In collaboration with FDA’s Center for Devices and Radiologic Health, the NHLBI convened a workshop on the Current State of Thrombosis in Ventricular Assist Devices (VADs) on May 14, 2015, in Baltimore, Maryland. The workshop included cardiac surgeons, cardiologists, biostatisticians, bioengineers, and representatives from FDA, CMS, and the NHLBI to review available data on pump thrombosis, a major and potentially fatal complication of durable continuous-flow VADs, which are mechanical pumps that are used to support heart function and blood flow in people who have weakened hearts. Workshop members discussed possible approaches to mitigate pump thrombosis and other device-related serious adverse outcomes.
The workshop had the following specific goals:
Since their initial development, VADs have extended and improved survival for thousands of advanced heart failure patients. However, recent findings have highlighted the risks involved in using these devices. For example, in November 2013, writing in the NEJM, investigators at the Cleveland Clinic reported an increase in the apparent rate of pump thrombosis. The INTERMACS investigators also published similar findings based on registry data in the Journal of Heart and Lung Transplantation (JHLT).
Since these reports were released, clinicians, researchers, regulatory agencies, and industry have closely monitored the incidence of pump thrombosis and had extensive discussions as to the cause and appropriate response to the apparent increase in pump thrombosis. In the spring of 2015, the NHLBI and FDA asked INTERMACS investigators to conduct an updated analysis of the pump thrombosis data. In response to this request, the University of Alabama at Birmingham, Cleveland Clinic, and the NHLBI, three organizations involved in INTERMACS, collaborated to conduct three independent analyses of INTERMACS data.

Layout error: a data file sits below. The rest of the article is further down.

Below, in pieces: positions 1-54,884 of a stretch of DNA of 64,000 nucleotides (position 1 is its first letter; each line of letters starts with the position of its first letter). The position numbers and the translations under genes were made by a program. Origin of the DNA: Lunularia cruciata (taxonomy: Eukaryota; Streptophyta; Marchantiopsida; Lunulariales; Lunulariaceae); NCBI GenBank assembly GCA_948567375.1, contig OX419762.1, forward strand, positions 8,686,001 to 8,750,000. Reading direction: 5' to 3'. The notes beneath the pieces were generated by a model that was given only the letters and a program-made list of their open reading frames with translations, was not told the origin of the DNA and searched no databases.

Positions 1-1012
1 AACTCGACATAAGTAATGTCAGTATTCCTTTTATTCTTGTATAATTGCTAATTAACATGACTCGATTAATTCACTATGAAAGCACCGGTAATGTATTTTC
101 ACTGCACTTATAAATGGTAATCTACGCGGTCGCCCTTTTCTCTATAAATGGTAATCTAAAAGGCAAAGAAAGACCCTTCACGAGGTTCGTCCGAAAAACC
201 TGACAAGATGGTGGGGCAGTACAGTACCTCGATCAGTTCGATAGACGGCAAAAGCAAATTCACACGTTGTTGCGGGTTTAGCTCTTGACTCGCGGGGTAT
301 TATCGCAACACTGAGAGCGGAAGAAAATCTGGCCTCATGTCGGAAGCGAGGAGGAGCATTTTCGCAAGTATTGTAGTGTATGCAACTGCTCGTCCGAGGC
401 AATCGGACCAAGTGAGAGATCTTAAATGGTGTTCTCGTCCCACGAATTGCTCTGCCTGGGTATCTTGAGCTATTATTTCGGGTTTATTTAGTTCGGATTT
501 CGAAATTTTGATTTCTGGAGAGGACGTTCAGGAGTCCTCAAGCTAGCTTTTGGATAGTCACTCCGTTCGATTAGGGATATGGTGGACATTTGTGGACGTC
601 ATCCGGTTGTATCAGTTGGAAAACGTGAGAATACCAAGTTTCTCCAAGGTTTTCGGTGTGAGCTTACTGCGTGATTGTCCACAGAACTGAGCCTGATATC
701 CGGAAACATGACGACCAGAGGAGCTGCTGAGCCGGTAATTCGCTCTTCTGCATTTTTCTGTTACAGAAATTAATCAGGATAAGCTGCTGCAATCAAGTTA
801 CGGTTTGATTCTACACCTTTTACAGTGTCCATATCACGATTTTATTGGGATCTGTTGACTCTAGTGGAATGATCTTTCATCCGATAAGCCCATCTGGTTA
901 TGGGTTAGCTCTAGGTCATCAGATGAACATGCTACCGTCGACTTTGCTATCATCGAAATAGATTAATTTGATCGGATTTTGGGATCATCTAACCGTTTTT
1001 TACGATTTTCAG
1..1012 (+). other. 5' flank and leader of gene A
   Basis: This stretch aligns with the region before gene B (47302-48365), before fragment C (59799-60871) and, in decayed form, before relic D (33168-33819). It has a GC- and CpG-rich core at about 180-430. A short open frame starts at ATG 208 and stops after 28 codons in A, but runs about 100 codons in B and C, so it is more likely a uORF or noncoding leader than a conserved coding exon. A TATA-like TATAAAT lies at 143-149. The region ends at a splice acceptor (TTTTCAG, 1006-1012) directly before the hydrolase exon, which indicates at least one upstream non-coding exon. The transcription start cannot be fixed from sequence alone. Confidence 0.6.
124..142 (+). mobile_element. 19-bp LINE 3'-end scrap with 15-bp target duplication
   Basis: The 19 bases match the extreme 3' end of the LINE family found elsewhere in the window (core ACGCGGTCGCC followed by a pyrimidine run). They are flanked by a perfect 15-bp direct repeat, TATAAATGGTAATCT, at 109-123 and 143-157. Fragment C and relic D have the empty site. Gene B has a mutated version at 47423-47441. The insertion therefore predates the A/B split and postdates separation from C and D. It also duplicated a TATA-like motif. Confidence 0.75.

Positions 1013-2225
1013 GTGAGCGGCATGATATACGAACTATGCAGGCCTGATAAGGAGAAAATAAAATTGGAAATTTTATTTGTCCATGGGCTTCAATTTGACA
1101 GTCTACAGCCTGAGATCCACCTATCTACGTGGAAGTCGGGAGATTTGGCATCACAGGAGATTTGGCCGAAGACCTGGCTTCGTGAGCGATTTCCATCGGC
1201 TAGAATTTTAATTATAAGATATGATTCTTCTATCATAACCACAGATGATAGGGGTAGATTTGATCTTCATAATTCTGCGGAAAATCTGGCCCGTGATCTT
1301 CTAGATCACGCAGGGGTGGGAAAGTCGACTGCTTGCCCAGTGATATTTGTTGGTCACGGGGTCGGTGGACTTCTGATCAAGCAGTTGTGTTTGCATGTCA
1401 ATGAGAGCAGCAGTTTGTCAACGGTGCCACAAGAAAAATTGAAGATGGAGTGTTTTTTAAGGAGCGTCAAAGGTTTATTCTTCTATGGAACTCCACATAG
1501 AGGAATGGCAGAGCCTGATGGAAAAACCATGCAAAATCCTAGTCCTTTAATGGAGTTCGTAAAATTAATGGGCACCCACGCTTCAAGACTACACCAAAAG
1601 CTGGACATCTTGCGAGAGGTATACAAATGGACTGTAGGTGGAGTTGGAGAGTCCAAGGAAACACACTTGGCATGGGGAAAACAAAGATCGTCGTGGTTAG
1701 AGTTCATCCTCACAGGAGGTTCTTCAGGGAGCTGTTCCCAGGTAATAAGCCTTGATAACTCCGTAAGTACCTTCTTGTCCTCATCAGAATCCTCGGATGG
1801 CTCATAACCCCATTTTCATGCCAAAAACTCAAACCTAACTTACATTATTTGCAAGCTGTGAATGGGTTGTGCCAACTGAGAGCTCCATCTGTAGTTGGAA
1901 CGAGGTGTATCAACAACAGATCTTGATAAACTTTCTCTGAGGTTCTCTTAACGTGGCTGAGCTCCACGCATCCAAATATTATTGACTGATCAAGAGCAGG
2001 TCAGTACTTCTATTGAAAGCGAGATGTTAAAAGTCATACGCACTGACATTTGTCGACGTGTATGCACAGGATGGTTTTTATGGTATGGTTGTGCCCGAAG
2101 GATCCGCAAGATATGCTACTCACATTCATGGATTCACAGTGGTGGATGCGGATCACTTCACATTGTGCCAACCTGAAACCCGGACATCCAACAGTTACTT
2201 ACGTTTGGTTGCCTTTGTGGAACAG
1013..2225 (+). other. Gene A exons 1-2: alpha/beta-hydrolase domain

At the workshop, these three organizations presented the results of their analyses. In addition, others presented information on the following topics:
After these presentations, workshop participants discussed the following potential areas to mitigate pump thrombosis and associated events:
Based on the presentation and discussion, workshop participants identified a set of research and policy priorities that may improve the safe use and study of current and future devices. These priorities include the following:
In addition, workshop participants made suggestions concerning planned trials:
The INTERMACS analyses are slated for publication in the JHLT. A proceedings from this workshop is in development for publication in a peer-reviewed journal.
Marissa Miller, D.V.M., M.P.H.
Marissa.Miller@nih.gov Tel: 301 594 1542